I’d Like to Write a Medical Article, But…

Have you ever dreamed of seeing your name in print? Our intrepid editorialist provides guidance on preparing a clinical manuscript for publication.

For almost 10 years, I have had the privilege of teaching an online medical writing course for two health science universities. The premise is that health professionals must be able to present their work clearly and proficiently. Excellent educational material and important research data, however, are sometimes buried in poorly written papers.The truth is, writing a good medical paper is a complex task. It requires inspired energy, quiet reflection, and yes, time in which to do it. Now that I’ve lost most of you (ha ha) ….

The first question we have to answer is: Why write, anyway? There are many reasons; six are listed in the box below.

Once you’ve decided you want to try your hand at medical writing, it is essential to develop a plan for carrying it out. It can be a long and arduous process, but without a strategy, it is nearly impossible to complete. Following are eight steps to ease the process—or at least make it palatable.

2. Look at past issues of your professional journals to see what types of articles they accept. Some may not accept original research, while for others that is the primary focus. Also, visit the “Instructions for Authors” page (CR’s can be found at http://bit.ly/16OmNW9) and review that information. You should follow the guidelines to the letter unless otherwise instructed by the editor. In fact, it is a good idea to contact the editor and share your idea before you begin your work.

3. Start writing. A blank page is very intimidating. Get your ideas down on paper early (giving yourself permission to revise later!). Think about the main message of your article and what you hope to achieve by writing it. What is the one provocative thought you would like to leave with your audience? And who is that audience: the general public or medical professionals? Create a general outline with an introduction, discussion, and conclusion.

5. Revise! Good papers are the product of many revisions—­usually in response to feedback from others. That means you need to get over your fear of criticism and ask colleagues for advice. (I have two trusted colleagues—they know who they are!—who are critical to a fault of my drafts. But I thank them for it!) Since readability is crucial, you might even want to read your work out loud to determine whether your points are clearly made and easily understood.3 Then give yourself time to step back, digest your colleagues’ feedback, and ­re-read with a new perspective. ­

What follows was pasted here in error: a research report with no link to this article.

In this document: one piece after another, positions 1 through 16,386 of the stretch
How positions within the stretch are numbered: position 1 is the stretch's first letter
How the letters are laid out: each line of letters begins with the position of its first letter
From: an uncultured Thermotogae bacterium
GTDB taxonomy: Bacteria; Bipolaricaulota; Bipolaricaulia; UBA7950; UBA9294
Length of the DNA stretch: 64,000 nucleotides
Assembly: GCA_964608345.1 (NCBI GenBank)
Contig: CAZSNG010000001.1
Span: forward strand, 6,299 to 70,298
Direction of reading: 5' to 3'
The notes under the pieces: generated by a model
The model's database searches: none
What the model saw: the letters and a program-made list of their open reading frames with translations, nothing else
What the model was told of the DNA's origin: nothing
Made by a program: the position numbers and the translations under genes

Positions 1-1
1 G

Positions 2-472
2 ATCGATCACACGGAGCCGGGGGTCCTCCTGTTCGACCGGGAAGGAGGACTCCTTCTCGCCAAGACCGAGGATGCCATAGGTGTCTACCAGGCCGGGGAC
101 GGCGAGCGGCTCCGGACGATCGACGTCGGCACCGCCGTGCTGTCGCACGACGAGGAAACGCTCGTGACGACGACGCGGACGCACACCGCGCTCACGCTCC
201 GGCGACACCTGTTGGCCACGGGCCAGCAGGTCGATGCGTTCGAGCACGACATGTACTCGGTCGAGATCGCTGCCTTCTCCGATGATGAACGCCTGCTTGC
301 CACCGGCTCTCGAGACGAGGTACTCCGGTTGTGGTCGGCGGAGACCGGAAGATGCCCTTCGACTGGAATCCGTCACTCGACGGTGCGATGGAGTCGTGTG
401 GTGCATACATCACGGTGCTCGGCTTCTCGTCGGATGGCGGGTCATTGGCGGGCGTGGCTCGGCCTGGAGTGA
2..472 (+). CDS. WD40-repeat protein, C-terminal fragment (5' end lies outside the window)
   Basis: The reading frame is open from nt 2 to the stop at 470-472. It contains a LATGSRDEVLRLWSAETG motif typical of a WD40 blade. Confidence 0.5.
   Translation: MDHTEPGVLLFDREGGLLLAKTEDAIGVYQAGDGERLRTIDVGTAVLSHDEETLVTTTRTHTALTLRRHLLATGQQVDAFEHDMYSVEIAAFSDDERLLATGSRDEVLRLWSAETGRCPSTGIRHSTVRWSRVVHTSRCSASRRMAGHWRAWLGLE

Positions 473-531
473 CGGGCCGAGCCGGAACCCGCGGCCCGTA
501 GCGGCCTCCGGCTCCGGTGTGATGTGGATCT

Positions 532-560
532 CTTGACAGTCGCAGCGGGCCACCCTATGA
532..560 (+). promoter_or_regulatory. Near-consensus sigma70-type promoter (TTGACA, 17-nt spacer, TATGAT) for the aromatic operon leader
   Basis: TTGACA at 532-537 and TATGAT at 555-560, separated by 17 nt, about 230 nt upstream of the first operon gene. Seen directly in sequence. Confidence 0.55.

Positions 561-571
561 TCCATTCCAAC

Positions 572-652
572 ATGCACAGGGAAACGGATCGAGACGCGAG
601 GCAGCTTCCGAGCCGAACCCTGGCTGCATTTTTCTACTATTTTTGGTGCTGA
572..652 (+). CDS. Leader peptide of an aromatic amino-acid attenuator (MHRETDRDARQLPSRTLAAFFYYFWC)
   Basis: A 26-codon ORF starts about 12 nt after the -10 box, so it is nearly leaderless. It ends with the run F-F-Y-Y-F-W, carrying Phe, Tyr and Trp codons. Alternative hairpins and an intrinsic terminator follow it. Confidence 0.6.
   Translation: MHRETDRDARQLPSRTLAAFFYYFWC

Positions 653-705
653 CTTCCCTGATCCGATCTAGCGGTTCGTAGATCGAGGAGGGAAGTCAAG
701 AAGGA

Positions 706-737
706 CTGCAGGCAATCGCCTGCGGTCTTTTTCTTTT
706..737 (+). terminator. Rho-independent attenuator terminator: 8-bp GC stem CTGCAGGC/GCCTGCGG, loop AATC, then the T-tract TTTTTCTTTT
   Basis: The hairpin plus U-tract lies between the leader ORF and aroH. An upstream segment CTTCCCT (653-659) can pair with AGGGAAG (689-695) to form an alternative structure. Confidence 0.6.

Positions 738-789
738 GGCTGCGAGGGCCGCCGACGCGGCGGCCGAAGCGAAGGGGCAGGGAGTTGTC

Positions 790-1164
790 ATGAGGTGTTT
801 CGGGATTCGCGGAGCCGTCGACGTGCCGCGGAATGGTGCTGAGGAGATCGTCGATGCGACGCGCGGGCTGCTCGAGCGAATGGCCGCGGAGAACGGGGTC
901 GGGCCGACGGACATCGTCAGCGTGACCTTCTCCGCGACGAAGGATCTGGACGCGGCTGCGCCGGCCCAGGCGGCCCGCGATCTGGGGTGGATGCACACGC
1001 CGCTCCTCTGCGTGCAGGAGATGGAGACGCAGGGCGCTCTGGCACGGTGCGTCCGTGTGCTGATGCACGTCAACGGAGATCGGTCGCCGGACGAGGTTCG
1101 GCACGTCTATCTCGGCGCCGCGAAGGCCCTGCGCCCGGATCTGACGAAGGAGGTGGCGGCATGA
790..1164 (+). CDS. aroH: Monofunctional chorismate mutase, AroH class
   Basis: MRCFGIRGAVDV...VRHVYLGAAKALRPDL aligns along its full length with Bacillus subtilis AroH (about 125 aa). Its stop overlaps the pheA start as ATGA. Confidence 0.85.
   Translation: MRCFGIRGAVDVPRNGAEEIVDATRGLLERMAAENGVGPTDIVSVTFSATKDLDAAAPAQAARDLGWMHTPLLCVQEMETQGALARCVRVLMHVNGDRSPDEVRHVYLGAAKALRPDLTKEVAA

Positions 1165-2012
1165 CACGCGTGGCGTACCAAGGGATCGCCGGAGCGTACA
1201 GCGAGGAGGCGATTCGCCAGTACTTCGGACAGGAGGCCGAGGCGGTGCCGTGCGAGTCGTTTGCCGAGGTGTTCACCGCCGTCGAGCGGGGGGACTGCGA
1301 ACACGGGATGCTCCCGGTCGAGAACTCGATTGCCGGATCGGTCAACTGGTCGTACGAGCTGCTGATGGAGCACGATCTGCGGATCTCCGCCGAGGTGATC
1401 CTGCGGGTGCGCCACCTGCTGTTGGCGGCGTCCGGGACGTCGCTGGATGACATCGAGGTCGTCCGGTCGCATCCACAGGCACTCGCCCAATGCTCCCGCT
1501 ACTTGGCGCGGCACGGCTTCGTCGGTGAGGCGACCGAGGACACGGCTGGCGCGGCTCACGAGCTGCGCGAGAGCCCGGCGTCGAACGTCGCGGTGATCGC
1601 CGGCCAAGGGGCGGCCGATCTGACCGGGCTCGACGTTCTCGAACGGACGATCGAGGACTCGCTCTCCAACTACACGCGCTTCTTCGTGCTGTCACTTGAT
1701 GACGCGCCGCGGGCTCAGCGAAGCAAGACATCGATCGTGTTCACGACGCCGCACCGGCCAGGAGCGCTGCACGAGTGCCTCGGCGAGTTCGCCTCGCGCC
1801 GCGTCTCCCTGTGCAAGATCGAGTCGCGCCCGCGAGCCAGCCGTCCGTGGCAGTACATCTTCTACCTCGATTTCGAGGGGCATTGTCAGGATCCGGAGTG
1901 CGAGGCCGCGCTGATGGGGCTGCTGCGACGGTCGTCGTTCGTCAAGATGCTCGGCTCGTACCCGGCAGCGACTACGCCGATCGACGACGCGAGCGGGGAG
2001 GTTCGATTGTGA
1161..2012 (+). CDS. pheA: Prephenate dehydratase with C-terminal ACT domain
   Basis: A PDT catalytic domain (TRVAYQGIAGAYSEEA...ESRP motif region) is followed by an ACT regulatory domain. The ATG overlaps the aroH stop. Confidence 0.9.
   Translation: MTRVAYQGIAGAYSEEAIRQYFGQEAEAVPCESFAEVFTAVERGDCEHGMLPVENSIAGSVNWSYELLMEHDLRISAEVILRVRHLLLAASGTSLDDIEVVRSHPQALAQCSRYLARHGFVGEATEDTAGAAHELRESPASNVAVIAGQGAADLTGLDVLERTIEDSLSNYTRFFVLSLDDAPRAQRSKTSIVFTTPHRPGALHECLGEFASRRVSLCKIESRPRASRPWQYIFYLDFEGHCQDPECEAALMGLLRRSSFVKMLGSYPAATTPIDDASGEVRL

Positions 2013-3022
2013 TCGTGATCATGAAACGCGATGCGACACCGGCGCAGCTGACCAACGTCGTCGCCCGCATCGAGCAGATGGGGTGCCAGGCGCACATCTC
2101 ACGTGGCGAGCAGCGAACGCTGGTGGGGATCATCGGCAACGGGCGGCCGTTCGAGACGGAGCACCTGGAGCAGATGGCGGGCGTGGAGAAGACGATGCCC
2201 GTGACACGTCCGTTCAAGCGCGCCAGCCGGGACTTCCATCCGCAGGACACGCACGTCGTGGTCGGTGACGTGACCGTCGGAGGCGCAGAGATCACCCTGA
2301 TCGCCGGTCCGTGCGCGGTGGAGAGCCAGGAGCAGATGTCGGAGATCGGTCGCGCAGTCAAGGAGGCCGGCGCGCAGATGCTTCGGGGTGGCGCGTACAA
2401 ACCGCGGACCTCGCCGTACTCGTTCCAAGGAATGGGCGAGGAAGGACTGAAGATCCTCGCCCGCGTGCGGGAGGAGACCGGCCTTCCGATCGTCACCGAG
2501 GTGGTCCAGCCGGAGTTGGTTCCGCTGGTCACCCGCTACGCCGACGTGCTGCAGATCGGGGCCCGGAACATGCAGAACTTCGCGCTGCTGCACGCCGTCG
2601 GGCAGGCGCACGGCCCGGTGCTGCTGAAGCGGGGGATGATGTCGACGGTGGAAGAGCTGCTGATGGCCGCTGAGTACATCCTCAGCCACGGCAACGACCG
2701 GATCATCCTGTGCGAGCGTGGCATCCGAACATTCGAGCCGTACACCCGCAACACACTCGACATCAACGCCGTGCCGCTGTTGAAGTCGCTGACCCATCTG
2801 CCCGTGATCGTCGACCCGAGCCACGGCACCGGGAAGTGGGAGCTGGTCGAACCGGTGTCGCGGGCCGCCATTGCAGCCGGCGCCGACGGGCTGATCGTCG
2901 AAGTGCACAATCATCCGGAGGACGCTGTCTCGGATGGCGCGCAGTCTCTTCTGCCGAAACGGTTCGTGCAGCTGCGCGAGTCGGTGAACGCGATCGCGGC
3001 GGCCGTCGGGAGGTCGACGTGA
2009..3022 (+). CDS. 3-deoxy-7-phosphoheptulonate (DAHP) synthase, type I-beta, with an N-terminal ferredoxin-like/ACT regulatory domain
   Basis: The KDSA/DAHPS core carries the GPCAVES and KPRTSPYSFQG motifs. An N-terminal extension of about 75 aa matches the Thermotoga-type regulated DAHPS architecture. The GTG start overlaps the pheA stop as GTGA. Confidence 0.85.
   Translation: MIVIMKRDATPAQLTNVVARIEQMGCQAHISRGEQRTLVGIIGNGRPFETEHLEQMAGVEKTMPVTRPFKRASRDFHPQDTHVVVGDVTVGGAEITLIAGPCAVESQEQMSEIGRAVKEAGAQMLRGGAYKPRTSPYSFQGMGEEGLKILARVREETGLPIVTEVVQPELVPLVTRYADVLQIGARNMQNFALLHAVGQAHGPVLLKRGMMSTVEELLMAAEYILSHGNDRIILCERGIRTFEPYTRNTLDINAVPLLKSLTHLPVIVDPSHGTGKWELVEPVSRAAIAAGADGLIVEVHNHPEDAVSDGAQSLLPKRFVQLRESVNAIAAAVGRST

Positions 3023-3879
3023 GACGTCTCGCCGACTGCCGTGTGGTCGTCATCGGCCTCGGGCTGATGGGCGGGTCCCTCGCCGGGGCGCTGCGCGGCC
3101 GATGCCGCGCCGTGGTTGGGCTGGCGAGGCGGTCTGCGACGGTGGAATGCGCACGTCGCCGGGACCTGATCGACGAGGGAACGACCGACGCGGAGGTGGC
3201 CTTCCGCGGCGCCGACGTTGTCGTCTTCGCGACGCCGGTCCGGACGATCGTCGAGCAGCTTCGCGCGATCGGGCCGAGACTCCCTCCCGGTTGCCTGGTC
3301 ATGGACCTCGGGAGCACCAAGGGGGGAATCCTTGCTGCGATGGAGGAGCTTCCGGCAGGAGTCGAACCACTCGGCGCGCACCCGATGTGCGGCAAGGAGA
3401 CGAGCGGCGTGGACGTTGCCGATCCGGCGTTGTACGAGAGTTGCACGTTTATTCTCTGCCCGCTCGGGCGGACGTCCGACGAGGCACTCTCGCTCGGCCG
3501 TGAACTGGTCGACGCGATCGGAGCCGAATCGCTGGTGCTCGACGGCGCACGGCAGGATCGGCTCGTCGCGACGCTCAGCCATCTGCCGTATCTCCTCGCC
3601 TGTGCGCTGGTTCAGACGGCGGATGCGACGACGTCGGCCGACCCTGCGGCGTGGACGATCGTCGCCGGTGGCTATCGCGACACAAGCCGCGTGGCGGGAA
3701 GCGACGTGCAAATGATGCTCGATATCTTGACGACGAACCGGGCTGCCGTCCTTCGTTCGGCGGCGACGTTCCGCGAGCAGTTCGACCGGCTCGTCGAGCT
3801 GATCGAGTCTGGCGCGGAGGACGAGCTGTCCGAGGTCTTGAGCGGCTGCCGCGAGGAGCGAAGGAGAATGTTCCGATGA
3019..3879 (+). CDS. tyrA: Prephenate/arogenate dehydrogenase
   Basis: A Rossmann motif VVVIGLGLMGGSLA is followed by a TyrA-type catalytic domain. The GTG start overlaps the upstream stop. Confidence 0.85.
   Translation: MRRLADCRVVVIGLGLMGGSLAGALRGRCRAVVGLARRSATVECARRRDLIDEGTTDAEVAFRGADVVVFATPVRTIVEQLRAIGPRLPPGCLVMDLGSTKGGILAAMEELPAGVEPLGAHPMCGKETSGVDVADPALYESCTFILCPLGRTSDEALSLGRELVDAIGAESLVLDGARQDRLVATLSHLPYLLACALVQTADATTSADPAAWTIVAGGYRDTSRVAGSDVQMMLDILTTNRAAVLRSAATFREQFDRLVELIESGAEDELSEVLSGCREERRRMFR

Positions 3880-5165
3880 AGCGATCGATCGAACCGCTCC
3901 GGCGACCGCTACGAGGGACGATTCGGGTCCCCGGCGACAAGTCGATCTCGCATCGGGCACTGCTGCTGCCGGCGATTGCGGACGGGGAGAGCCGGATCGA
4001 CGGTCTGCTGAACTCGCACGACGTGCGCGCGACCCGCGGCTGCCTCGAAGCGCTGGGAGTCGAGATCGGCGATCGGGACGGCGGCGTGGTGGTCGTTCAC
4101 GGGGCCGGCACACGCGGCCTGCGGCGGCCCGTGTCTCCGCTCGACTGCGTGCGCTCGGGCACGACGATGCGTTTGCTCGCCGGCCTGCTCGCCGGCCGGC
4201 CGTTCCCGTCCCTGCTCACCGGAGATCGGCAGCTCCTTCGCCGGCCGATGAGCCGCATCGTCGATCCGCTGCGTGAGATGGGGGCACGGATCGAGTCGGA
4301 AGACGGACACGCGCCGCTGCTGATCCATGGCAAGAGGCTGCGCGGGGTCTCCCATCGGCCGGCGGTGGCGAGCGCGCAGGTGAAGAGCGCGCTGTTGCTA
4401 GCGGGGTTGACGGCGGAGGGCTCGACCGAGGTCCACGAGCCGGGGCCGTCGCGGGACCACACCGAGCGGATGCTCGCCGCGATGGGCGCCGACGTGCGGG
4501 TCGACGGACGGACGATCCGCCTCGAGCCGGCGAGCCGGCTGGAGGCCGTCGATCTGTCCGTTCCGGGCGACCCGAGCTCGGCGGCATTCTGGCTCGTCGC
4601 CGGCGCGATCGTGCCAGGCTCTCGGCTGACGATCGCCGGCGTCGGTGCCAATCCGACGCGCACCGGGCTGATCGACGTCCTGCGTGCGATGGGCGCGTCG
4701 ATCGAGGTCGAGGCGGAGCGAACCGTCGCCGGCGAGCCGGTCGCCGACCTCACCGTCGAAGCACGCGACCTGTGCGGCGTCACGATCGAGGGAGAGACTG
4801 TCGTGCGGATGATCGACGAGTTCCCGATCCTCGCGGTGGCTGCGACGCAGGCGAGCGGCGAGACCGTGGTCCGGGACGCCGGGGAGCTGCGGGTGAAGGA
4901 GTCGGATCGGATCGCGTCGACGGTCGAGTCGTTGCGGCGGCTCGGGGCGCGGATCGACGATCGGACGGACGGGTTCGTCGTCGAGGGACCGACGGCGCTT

Revision also entails checking for consistency, eliminating redundancy, and deleting unnecessary information. Make sure every sentence and paragraph has a purpose. Yes, it’s time-consuming, and time is often at a premium. But if you undertake to write an article, make the time to do it correctly. Don’t rush the ­process.

6. Create your “accessories.” The title and abstract are the first—possibly the only—parts of your paper that an editor (and, if you’re successful, a reader) will read. Spend some quality time developing them so they accurately and adequately express the focus of your article, as well as why the subject matter is beneficial to readers. Another key element is figures and tables; visuals draw attention, so ensure you have some compelling data to present in this format. They can also be vital “take-aways” for readers to refer to in the future.

7. Submit your article to your chosen journal—and be prepared to wait! Compose a cover letter indicating why you chose this particular journal and confirming that you have not submitted the manuscript elsewhere (which is considered a conflict) and that your work is original. Then get ready to wait, because the review process takes time. First, there will likely be an in-house editorial review to determine whether the manuscript meets the publication’s needs. If it passes this first “test,” it will be sent (blinded) to two or three peer reviewers who will provide detailed feedback on the clinical validity and relevance of the topic and your presentation of it. Finally, the editor will review that feedback to determine whether the article will be accepted outright (which is rare), accepted pending revision, or rejected.

8. Deal with rejection. Nothing ventured, nothing gained. Review the feedback you receive and consider how you could rewrite the article or even approach the topic differently, hopefully with a more positive outcome. And if you mange to skip step 8—all the better! Bravo!

I hope this editorial has been a helpful introduction to the wonders of writing. There are great resources out there, including a text by Furman and Kinn4 that I encourage you to aquire.

Writing will always be hard work—but if you stick to it, it will be a rewarding and essential part of your professional life. I would love to hear your experiences in writing (both good and bad). Direct your responses to me at [email protected].

References

1. Richardson L. Writing: a method of inquiry. In: Denzin NK, Lincoln YS (eds). Handbook of Qualitative Research. 2nd ed. Thousand Oaks, CA: Sage. 2000;923-948.

3. Welch HG, Froehlich GW. Perspectives: strategies in writing for a physician audience. JGIM. 1996;11:50-55.

4. Furman R, Kinn JT. Practical Tips for Publishing Scholarly Articles: Writing and Publishing in the Helping Professions. 2nd ed. Chicago, IL: Lyceum Books, Inc; 2012.